IN MY VIEW: Rugby League World Cup Legacy Begins
First published on Running Rugby.
The first details of the legacy for community clubs of what is being described by organisers as “the best ever Rugby League World Cup” have been released, while Running Rugby has been told that a peak of over two million people watched four out of England’s five matches at the tournament.
“The Rugby League World Cup has continued to attract a strong audience since a peak of 2.4m tuned in for the opening coverage on 26 October. A peak of 2.1m saw England’s win over Ireland on 2 November, then an impressive peak of 2.2m watched as England triumphed over Fiji in Hull on 9 November,” said a BBC spokesperson. “On Saturday 16 November, a peak of 1.5m saw England beat France over on BBC Two. A peak of 2.3m watched England’s semi-final defeat against New Zealand on Saturday 23 November.”
Rugby League World Cup 2013 tournament director Nigel Wood has urged everyone involved in the sport to make the most of the opportunities that the event has created and has hailed it as a commercial success. “In terms of attendance and TV audience, spectacle and profile, and commercial and financial success, the tournament has met, and in most cases exceeded, all expectations,” he said.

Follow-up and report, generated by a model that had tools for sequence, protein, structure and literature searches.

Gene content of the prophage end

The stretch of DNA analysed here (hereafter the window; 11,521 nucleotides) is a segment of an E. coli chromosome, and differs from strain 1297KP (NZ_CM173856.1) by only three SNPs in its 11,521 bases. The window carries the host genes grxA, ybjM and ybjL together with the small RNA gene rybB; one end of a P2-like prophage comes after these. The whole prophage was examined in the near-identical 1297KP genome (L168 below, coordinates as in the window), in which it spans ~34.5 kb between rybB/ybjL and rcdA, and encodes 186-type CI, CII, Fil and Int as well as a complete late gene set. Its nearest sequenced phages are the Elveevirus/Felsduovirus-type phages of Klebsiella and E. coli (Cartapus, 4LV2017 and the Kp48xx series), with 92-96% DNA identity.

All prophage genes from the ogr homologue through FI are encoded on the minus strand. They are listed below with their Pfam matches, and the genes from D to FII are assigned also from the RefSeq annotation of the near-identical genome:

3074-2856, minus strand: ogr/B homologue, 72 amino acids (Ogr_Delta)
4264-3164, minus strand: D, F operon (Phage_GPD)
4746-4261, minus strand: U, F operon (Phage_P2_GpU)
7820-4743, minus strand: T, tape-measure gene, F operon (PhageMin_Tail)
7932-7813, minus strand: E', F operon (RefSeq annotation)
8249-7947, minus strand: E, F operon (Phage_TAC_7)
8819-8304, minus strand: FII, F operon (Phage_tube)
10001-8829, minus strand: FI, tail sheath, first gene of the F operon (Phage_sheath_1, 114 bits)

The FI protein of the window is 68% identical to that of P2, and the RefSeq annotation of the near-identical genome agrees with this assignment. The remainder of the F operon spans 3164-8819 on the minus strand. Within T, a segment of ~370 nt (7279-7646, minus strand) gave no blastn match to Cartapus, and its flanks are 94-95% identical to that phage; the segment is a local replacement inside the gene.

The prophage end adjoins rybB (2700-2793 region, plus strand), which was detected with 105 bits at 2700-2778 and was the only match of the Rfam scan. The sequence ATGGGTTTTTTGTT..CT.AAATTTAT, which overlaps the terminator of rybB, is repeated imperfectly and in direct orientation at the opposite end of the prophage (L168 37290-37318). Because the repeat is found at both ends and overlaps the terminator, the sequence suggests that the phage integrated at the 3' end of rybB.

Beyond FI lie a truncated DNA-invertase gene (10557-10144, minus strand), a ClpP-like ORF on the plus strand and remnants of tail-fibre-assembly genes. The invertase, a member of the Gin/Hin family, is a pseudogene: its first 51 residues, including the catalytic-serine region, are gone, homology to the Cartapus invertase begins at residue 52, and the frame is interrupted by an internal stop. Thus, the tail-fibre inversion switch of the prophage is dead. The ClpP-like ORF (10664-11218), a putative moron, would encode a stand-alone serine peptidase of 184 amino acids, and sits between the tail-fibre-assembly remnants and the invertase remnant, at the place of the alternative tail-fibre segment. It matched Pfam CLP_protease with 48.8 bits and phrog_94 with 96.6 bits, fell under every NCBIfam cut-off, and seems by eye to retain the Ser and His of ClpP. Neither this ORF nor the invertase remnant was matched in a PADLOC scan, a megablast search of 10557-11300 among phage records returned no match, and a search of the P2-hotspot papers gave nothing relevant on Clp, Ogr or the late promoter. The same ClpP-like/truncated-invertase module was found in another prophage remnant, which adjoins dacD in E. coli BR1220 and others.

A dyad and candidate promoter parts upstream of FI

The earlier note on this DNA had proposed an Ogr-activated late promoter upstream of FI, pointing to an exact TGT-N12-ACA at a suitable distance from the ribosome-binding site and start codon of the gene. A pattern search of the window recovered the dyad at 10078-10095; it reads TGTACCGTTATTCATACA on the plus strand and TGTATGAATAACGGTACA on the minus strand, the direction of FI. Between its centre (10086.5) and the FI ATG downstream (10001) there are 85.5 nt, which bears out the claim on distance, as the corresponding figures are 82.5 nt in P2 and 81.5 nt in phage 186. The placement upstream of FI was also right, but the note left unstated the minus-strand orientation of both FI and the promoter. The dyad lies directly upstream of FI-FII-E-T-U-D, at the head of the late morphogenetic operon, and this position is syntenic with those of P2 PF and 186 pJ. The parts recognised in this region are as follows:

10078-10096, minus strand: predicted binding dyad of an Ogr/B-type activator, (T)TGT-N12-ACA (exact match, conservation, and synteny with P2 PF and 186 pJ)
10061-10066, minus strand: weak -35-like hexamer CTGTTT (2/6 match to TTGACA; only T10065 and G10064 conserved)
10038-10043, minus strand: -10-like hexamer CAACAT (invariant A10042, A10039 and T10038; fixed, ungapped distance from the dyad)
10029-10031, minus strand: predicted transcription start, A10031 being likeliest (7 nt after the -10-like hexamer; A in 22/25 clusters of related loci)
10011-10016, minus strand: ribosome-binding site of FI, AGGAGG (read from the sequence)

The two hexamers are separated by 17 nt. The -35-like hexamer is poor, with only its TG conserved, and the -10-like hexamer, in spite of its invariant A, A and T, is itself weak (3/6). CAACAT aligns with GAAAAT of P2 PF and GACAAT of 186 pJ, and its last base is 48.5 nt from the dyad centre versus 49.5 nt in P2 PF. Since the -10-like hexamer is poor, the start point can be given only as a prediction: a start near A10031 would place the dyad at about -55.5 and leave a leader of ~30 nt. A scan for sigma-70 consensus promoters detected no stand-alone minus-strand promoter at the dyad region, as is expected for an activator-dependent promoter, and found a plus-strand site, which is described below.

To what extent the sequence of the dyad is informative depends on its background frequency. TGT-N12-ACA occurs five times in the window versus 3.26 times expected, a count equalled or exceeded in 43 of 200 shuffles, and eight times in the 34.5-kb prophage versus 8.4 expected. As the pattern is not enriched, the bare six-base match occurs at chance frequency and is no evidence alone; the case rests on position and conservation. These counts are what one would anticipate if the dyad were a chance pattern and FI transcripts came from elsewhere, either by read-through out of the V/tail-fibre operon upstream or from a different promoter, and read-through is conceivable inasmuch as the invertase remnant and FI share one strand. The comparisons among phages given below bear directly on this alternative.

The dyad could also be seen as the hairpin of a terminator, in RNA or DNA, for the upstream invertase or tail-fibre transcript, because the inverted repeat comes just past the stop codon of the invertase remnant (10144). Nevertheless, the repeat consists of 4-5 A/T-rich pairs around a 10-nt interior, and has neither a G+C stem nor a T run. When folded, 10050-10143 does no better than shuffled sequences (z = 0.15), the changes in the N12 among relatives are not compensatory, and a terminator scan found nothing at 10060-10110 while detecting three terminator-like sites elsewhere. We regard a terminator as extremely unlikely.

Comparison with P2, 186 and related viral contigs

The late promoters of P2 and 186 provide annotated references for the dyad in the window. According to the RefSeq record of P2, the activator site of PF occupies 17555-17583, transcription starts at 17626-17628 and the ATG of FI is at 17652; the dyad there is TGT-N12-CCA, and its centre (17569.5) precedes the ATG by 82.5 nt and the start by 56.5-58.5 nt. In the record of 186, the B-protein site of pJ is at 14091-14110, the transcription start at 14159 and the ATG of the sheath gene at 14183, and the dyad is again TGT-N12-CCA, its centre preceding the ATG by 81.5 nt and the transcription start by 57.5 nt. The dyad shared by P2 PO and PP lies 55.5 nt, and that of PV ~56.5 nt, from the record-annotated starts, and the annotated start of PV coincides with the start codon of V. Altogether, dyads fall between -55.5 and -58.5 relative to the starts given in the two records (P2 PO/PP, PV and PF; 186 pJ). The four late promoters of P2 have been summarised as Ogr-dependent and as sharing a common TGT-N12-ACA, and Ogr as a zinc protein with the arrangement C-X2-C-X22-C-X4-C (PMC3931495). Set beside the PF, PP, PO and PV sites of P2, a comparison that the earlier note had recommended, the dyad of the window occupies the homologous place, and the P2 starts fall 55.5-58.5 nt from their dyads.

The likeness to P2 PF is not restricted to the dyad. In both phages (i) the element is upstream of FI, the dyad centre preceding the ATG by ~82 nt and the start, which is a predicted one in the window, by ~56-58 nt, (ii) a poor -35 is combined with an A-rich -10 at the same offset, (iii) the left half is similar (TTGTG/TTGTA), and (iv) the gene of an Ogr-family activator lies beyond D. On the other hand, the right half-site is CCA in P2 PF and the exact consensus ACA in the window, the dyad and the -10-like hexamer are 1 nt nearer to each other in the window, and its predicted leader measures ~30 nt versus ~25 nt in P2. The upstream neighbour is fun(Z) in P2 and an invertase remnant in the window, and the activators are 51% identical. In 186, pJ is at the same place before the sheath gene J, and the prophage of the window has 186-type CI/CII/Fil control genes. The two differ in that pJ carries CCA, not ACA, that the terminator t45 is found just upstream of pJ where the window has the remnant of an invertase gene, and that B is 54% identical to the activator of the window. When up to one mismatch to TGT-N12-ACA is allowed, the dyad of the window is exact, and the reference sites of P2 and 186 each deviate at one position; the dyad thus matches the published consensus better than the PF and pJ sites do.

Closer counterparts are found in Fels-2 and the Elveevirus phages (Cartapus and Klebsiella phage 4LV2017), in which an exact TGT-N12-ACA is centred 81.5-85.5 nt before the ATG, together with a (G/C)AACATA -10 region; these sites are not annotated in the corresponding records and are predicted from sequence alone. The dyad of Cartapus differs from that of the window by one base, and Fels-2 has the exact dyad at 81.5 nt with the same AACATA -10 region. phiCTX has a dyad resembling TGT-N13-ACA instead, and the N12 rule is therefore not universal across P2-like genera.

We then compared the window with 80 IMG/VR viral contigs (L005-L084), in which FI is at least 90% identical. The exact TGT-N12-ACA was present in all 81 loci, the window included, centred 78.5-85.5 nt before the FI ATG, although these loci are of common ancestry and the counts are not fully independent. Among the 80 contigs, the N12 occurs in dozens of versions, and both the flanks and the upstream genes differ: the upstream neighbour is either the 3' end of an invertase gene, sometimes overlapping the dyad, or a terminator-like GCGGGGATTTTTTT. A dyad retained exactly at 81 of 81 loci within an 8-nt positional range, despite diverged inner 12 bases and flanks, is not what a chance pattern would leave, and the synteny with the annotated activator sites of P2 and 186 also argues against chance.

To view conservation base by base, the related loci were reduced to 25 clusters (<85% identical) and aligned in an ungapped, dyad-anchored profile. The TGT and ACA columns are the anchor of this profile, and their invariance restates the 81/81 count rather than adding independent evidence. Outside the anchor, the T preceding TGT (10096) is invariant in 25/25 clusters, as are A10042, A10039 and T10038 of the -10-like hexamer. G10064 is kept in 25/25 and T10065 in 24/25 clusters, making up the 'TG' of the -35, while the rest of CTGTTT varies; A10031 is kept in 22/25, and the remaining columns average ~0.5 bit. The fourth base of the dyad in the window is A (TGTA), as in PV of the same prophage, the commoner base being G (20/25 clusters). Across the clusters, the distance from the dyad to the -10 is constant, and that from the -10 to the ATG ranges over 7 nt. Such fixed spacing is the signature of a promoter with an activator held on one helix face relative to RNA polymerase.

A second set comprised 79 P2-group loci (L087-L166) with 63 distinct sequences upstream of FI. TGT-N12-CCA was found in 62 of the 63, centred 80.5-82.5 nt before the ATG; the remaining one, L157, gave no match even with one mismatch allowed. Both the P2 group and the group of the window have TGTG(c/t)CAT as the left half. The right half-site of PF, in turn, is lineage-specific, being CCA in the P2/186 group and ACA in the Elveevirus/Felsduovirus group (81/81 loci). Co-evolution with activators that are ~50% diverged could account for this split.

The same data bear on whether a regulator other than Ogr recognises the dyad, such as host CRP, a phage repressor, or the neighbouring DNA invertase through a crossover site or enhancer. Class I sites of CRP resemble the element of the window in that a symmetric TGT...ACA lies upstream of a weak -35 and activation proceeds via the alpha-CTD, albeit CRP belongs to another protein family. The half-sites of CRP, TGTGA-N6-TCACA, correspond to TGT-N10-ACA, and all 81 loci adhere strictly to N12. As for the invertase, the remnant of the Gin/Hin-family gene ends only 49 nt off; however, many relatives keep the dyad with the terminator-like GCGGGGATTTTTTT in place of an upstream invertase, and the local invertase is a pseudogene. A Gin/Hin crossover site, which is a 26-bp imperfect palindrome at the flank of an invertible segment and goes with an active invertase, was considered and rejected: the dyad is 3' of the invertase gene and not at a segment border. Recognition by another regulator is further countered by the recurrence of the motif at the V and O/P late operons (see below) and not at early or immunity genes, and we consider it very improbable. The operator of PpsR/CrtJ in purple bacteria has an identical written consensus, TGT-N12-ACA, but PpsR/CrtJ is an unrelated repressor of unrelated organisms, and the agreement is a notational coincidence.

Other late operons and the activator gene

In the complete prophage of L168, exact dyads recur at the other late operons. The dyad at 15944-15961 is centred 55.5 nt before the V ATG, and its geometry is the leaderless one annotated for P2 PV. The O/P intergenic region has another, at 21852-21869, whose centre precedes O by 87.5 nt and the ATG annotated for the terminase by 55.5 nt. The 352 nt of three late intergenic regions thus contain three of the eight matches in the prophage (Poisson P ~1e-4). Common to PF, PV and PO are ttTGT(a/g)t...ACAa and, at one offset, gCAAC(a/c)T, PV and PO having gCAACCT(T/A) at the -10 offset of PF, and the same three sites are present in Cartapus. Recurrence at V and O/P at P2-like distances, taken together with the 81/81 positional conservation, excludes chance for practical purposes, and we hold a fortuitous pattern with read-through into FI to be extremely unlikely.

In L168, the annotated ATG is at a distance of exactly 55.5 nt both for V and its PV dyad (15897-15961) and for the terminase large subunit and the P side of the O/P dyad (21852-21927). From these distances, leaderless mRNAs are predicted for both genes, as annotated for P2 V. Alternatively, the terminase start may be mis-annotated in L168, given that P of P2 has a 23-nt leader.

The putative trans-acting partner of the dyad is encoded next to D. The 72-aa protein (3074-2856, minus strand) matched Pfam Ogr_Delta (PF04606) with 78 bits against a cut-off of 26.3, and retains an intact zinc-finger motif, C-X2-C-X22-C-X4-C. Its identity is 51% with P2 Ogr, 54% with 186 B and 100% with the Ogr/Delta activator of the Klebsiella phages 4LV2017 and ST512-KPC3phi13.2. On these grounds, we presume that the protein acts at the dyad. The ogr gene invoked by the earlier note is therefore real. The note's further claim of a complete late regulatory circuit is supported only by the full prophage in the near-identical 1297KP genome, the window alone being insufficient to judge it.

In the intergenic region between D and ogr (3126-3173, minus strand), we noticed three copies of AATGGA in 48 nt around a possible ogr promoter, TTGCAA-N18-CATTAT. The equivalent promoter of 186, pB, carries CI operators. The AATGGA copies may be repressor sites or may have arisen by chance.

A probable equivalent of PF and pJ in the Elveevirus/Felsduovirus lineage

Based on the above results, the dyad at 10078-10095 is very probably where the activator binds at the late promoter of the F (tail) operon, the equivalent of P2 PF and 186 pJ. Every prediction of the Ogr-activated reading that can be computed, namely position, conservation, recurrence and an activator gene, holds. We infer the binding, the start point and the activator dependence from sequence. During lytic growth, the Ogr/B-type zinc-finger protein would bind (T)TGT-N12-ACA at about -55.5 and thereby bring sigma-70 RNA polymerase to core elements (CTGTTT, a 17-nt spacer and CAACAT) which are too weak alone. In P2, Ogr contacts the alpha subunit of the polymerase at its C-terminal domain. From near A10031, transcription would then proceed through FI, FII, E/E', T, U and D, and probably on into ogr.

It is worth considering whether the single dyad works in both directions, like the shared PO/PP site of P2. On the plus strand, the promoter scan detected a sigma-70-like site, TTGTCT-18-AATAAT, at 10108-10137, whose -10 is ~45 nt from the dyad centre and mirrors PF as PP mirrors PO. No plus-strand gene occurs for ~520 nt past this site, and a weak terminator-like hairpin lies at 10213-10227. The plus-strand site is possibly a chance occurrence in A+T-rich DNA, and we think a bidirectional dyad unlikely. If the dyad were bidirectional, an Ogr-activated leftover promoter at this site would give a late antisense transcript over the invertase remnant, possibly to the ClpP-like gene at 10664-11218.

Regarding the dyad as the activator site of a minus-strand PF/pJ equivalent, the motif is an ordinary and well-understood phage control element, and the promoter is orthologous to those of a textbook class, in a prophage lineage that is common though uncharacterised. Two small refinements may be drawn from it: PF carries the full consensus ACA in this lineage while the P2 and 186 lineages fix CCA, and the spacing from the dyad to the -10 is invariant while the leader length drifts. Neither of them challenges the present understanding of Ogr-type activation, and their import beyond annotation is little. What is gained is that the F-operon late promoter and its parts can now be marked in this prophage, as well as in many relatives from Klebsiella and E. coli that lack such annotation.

“RLWC2013 has lit the blue touchpaper for every arm of the sport and it is my hope that everyone involved in rugby league at every level makes the most of the opportunities that now exist for them. RLWC2013 has also provided a terrific launchpad for rugby league at domestic level and the RFL will be working with all our clubs, both at community and professional levels, to help achieve our goal of growing the sport and gaining the recognition it deserves.”
Matches at the tournament were watched live in the stadiums by over 450,000 people, with a crowd of 74,468 for Australia’s 34-2 victory over New Zealand in Saturday’s final breaking the record for the best attended international rugby league match of all time.
A series of workshops are now being rolled out across the country in order to help community clubs make the most of the interest generated by the World Cup. Eight one-day ‘Welcoming Clubs Workshops’ have already been hosted by the RFL in northern England and they have been attended by 97 officers from 66 community clubs. Free resources, including a ‘Grow Your Club’ brochure, will be provided to help clubs to create an environment that caters for everyone and workshops will now be held in the South East, Midlands and North East as well.
“The passion within our community clubs is incredible and we wanted to build on this,” said RFL director of participation and strategic partnerships David Gent.
“The aim of the workshops was to offer an environment where volunteers and coaches could learn how to better engage with their local community, discuss ideas and gain practical advice on ways to drive club recruitment and participation, both in, and out of, season. The content of the course is designed to remain relevant, and inspiring, long after the close of the tournament.”